Release Date: 19 March 2010
Release ID: 4600
The British International Freight Association (BIFA), the trade association for UK freight forwarders, has expressed its support for MPs who this week criticised the draft National Policy Statement on ports as ‘not fit for purpose’ and shared their call for major changes.
Peter Quantrill, BIFA Director General says: “Britain is at a tipping point in terms of its sea port framework and there is a danger of valuable shipping activity being lost to near continent rivals.”
The Department for Transport (DfT) issued its draft National Policy Statement on Ports (NPS) and invited responses to its proposals late last year. BIFA’s main concern remains that certain elements of the NPS could disadvantage the UK and may contribute to trade moving abroad.
BIFA recognises that concern for the possible implications of the NPS is wider than the immediate freight forwarding and shipping sector and notes that The Royal Town Planning Institute (RTPI)has also been critical.
Quantrill adds: “BIFA has expressed its concern that if the NPS puts additional hurdles in the path of UK port expansion that could drive more vessels to the welcoming arms of ports such as Antwerp and Rotterdam to load and discharge their cargoes.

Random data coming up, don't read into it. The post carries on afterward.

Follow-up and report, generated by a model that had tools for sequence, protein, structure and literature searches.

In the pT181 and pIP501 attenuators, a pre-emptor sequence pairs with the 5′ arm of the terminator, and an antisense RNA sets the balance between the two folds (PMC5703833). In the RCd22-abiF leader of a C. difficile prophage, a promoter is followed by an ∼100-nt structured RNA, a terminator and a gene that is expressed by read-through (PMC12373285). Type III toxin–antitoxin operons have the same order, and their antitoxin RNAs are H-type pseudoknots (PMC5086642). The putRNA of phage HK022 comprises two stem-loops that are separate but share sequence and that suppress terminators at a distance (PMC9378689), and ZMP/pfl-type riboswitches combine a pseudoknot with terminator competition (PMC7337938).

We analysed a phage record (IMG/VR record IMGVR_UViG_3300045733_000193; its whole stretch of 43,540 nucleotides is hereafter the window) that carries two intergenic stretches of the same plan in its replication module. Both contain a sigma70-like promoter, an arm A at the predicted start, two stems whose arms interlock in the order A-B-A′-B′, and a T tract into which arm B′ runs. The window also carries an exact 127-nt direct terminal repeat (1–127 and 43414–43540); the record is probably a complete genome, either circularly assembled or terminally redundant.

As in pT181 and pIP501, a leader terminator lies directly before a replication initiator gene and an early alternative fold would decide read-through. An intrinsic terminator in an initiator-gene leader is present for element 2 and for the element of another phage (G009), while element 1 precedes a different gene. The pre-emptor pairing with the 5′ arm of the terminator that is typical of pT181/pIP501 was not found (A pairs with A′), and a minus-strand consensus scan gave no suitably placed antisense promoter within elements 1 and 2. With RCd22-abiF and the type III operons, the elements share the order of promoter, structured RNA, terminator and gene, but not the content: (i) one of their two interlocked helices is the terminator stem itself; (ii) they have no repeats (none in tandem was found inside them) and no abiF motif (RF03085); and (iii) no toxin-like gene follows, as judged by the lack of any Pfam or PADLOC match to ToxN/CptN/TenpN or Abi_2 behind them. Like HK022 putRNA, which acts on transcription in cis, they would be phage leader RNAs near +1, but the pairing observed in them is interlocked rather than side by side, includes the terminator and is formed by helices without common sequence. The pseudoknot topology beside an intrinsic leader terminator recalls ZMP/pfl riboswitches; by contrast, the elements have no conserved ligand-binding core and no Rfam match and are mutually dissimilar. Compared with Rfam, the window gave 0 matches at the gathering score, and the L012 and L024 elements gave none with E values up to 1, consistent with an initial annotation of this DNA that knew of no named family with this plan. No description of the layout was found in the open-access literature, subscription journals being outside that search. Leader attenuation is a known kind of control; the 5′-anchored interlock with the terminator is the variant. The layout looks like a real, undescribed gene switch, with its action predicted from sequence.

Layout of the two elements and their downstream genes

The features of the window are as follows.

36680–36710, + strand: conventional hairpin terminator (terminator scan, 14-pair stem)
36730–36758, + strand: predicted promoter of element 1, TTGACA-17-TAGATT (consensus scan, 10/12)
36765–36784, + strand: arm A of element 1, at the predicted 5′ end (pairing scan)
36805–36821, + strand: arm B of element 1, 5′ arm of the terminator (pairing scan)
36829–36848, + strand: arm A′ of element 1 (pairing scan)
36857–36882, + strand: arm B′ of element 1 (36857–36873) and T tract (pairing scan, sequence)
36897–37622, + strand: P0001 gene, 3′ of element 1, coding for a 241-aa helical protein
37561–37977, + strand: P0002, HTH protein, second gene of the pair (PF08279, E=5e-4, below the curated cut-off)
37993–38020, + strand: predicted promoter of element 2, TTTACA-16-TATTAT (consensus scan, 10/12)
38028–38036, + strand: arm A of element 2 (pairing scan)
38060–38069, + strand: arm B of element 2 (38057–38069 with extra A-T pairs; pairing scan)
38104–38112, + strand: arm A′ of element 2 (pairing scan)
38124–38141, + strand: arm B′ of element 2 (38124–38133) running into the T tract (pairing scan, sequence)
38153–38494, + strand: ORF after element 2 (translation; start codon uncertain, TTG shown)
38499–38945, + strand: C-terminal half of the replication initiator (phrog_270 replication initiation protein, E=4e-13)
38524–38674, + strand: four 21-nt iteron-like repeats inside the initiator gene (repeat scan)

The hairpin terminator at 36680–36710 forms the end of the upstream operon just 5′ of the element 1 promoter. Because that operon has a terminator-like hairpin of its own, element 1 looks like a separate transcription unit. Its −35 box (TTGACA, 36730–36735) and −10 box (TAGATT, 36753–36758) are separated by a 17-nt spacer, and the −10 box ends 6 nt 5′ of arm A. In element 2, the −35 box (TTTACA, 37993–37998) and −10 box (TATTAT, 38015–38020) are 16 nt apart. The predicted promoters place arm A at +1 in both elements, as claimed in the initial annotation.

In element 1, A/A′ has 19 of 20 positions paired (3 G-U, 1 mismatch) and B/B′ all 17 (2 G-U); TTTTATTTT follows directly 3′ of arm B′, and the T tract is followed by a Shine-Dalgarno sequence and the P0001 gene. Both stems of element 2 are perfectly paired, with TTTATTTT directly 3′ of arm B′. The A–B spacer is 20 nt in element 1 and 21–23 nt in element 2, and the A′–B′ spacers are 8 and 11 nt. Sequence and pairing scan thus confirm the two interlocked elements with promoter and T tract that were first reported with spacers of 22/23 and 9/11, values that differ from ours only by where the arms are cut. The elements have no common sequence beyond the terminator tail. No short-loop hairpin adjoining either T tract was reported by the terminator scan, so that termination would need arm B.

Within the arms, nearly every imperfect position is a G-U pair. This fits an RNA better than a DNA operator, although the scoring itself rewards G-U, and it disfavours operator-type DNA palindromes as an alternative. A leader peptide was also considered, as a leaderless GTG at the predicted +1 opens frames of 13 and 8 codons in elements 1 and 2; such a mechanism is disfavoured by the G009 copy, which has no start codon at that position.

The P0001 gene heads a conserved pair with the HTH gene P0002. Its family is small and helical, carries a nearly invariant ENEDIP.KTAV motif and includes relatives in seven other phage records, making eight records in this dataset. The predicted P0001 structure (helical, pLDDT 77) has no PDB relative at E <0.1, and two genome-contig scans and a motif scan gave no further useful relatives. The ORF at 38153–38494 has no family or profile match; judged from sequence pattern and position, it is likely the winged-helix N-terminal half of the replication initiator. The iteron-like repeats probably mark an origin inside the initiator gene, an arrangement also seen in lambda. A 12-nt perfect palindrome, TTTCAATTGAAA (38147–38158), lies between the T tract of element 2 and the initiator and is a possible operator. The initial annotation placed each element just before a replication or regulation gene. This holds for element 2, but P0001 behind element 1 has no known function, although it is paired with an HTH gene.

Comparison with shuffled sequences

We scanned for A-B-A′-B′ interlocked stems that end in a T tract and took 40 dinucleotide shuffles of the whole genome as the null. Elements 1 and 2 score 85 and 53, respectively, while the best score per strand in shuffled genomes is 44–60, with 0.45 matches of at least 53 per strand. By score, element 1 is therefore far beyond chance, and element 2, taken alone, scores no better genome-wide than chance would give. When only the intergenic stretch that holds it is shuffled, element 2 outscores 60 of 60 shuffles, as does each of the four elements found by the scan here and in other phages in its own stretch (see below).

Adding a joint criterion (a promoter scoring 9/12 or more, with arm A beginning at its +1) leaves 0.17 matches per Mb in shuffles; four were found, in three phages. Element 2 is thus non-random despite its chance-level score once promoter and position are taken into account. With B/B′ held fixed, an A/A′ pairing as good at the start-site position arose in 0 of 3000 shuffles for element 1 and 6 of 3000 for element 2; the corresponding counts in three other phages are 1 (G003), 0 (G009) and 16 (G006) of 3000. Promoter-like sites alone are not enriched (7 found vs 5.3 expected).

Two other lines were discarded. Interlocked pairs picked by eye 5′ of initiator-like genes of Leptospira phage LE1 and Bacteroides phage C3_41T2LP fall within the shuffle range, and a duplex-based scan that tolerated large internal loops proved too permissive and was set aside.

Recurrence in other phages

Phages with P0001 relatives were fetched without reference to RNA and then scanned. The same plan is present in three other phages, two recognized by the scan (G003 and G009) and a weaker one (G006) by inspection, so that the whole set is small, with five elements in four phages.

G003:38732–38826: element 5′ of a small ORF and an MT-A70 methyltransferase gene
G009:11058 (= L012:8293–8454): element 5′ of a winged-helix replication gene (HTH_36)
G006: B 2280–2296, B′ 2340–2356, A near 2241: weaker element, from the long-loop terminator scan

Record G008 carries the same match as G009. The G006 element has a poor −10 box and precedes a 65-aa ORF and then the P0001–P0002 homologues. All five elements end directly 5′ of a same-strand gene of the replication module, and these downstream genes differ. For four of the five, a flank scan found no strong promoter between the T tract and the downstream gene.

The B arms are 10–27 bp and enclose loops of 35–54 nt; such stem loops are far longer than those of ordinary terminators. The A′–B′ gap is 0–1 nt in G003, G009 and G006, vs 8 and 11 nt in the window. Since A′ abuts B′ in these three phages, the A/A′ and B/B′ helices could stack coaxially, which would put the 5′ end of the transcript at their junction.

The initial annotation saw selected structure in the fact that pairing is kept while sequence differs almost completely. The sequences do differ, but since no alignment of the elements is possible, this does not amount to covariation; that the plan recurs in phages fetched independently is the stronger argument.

“Under the draft Statement, non-business issues such as the impact on the environment, national security and historic buildings/wrecks have to be considered when an application for port development is made. The concern is that the NPS, in both tone and content, fails to place sufficient emphasis on business issues.
“BIFA supports the general concept of the free market providing sufficient capacity, but is concerned that no mechanism is in place either to monitor whether this aim is being achieved, or to encourage its attainment if a capacity shortfall is identified.
“It is of the utmost importance that deep sea ocean shipping lines continue to call direct at UK ports, if they do not the danger is that freight will be discharged on the continent. Regardless of how the goods are finally delivered to the UK, the extra handling would increase costs and cause delays.”
The NPS states that the UK Government expects that infrastructure improvements such as better road or rail links related to port expansion will be funded in part by the port operator, thus increasing their costs. This places the UK at a disadvantage compared to the rest of the EU, where such infrastructure improvements are state funded, a point already publicly made by the CBI. The danger must be that within a highly competitive Western European port industry that operators will choose to expand these continental ports in preference to their UK operations.
Mr Quantrill concludes: “BIFA knows that it is essential for the long term prosperity of both UK plc and the freight forwarding industry to ensure that there is an effective and efficient port industry in place. Unfortunately we consider the draft NPS in its current format does not adequately address the issues faced by our members.”
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